This business has during late years assumed almost mammoth proportions on the St. Lawrence. There are now fleets of first class tow boats and barges, and hundreds of thousands of dollars of capital invested in the transportation of the Western grain from Kingston (where the lake schooners generally unload) to Montreal. Four companies are employed in this work. The rates of freight from Kingston to Montreal are generally reasonable, and it is expected they will be the same this season as last, viz., four cents per bushel. The canal tolls are extra, and amount to fifteen cents per ton on wheat, at 33 bushels to the ton, and the same rate on corn at 36 bushels to the ton. The barges, some of them iron, carry crews ranging from 5 to seven in number, including a captain and a female cook. These captains are generally 'jolly' looking and corpulent, and, who, as well as their men daily 'stow away' a quantity of peasoup and pork which would utterly dishearten any boardinghouse keeper who expected to pay a dividend of ten per cent perannum off her dinner table. The crews get small wages but the work is never very heavy.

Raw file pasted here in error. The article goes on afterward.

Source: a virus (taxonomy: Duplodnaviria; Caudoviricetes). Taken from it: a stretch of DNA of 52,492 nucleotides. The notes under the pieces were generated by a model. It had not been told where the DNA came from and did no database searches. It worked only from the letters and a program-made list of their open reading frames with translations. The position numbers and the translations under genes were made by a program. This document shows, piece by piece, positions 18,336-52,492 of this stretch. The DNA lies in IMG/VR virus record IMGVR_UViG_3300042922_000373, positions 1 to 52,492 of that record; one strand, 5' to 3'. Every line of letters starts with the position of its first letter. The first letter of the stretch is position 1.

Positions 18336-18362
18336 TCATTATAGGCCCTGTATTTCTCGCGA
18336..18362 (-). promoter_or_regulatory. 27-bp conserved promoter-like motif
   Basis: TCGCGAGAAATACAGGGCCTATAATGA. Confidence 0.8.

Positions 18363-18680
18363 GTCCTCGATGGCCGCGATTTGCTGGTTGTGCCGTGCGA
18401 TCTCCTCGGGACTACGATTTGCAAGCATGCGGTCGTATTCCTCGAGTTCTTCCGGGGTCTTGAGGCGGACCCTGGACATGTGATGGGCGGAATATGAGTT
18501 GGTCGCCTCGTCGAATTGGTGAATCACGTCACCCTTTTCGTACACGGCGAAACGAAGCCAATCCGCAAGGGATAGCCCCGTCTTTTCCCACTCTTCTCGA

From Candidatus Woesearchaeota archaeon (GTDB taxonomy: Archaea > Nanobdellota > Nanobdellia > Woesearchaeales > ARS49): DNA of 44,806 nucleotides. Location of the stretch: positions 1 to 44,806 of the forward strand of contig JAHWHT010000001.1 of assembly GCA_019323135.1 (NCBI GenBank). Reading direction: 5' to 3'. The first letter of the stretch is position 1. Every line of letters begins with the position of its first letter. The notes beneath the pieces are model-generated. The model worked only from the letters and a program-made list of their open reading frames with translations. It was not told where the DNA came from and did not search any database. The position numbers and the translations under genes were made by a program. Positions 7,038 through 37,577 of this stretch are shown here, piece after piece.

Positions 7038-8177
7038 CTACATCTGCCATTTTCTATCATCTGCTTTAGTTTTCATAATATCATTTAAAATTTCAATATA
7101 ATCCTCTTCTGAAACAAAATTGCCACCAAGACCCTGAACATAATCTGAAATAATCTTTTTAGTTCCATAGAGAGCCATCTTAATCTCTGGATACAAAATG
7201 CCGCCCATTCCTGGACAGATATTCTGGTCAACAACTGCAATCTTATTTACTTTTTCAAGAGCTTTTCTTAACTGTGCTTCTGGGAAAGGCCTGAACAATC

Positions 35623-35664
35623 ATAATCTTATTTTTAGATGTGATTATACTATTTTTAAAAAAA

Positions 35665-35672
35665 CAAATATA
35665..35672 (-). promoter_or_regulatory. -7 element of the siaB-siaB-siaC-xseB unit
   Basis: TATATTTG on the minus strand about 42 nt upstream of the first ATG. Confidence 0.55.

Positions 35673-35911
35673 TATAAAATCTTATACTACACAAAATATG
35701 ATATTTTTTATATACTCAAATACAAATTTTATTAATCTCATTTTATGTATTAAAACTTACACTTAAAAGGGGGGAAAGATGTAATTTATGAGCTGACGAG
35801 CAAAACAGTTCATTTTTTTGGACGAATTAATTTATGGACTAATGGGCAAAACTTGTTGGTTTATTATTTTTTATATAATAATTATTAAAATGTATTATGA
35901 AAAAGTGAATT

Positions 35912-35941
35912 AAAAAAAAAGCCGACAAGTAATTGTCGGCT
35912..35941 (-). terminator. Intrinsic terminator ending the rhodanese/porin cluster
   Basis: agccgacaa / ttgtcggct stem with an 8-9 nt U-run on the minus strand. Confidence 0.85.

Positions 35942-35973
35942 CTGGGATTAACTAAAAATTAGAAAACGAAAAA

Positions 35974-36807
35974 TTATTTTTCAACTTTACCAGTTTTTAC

The Montreal Transportation Company does a very extended business. It owns 40 barges, and several of them of large size, carrying upwards of 24,000 bushels of corn or wheat. Their capacity varies from 24,000 down to 12,000 bushels. The Company does all its own towing, employing five screw tugs, the Elfin, Charlotte, Bronson, Glide, and Active. The Elfin, which was damaged by fire, is being put in thorough order. It is proposed to send the Active below the coming season to tow from the Gulf up to Montreal; as there will probably be a lack of business for their five steamers this summer. The Company finds it very advantageous to do all its own towing last summer, however, trade proved slack and two of their tugs were laid up for a time.